Categories
American Indians Native American History Settler Colonialism

ICWA, Baby “Lexi,” and Race

UPDATE:

Read the printed piece at WSJ.com

Recently, the Wall Street Journal published an opinion piece by Aditya Dynar and Timothy Sandefur regarding Baby Lexi.  Lexi, who is 1.5% Choctaw through her paternal line, was in the foster care system in California.  Under the Indian Child Welfare Act, Lexi is required to return to a tribal guardian.  Lexi’s Native family lives in Utah.  Her foster parents fought the federal government in order to keep Lexi in their care.

Rarely do opinion pieces illicit such a reaction from me.  That said, ICWA (from working as a research assistant on Margaret Jacobs’s A Generation Removed: The Fostering and Adoption of Indigenous Children in the Postwar World (University of Nebraska Press, 2015)  and Indian land tenure issues (because I grew up on the Nez Perce Indian Reservation) are my button issues.

My letter to the editor (yet to be published) is below:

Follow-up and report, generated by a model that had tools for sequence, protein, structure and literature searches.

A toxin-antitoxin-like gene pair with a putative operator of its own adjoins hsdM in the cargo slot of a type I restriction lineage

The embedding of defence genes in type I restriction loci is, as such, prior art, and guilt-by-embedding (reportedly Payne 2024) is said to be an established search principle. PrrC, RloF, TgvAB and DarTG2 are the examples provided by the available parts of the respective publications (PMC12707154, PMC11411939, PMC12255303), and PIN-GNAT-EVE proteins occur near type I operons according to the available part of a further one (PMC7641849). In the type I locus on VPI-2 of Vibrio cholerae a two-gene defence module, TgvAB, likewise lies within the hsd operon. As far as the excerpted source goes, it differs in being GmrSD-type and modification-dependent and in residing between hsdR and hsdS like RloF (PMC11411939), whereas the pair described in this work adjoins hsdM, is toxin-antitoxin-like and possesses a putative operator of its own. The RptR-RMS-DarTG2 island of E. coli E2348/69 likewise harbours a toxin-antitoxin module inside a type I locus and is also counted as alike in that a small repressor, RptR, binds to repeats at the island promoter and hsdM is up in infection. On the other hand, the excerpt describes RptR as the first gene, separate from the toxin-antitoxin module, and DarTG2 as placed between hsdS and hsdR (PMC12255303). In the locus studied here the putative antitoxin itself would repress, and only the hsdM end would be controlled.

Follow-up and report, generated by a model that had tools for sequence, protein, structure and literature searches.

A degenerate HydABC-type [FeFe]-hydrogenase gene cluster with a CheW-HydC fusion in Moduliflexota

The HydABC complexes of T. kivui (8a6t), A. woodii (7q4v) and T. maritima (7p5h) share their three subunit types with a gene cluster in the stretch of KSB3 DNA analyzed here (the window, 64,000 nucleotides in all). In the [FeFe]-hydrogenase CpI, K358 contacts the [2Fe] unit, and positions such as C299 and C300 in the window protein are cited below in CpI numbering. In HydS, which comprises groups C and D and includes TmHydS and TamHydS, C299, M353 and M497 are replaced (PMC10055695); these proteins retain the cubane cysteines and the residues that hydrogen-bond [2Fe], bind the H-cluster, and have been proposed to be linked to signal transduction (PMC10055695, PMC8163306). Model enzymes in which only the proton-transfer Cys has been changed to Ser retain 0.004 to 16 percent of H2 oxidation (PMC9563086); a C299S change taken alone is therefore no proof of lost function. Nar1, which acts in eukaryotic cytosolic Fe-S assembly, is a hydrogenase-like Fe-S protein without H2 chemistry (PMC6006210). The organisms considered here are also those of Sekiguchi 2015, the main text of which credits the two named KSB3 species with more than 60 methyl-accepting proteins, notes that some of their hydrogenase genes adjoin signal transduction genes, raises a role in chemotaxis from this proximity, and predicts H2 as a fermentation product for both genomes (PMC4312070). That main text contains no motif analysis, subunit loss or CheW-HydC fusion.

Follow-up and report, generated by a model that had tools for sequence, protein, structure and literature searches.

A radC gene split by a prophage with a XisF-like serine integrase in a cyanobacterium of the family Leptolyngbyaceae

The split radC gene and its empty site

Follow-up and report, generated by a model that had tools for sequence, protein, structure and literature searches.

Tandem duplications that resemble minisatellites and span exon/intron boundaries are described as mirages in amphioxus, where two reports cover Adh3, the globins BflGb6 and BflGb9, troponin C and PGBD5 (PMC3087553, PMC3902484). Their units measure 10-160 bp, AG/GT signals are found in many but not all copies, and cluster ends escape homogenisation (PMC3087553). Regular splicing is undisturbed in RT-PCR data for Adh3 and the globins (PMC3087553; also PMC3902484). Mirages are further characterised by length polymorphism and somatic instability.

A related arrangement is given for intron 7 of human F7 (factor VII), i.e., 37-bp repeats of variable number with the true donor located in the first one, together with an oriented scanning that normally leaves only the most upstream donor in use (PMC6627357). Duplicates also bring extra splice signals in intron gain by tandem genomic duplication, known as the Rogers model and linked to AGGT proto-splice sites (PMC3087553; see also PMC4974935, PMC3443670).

When Aditya Dynbar and Timothy Sandefur argue that ICWA (Indian Child Welfare Act) is racist, what they really mean is that ICWA prioritizes Indigenous parenting rights over non-Indigenous families. Congress passed ICWA (1978) in response to the thousands of Indigenous children removed from their families and placed into non-Indigenous homes, which effectively removed Indigenous children from their cultural contexts and continued the American practice of forced assimilation.  Dynbar and Sandefur argue that Lexi is only 1.5% Choctaw, which obfuscates how tribal kinship works and sanitizes the cultural harm that Indigenous children and families faced prior to Congress passing the legislation.  Their piece also elides the fact that Lexi’s foster family broke the child’s anonymity by creating a Facebook page in an effort to garner sympathy and support.  Foster care is always temporary.  Many states, including California where Lexi’s foster parents live, have laws where relative preference is a priority in child placement.  For Indigenous children, relative preference ensures the long-term vitality of Indigenous cultures, including language and customs.  Cultural continuity enlivens and strengthens tribal nations and their members, and ICWA safeguards that for future generations. The Indigenous preference inherent in ICWA demonstrates the value of keeping Indigenous children in Indigenous homes.  The law upholds Indigenous sovereignty and further cements a nation-to-nation relationship between American Indian Tribal Nations and the U.S. Government. To call this Act racist is the authors’ attempt at further eroding Indigenous sovereignty.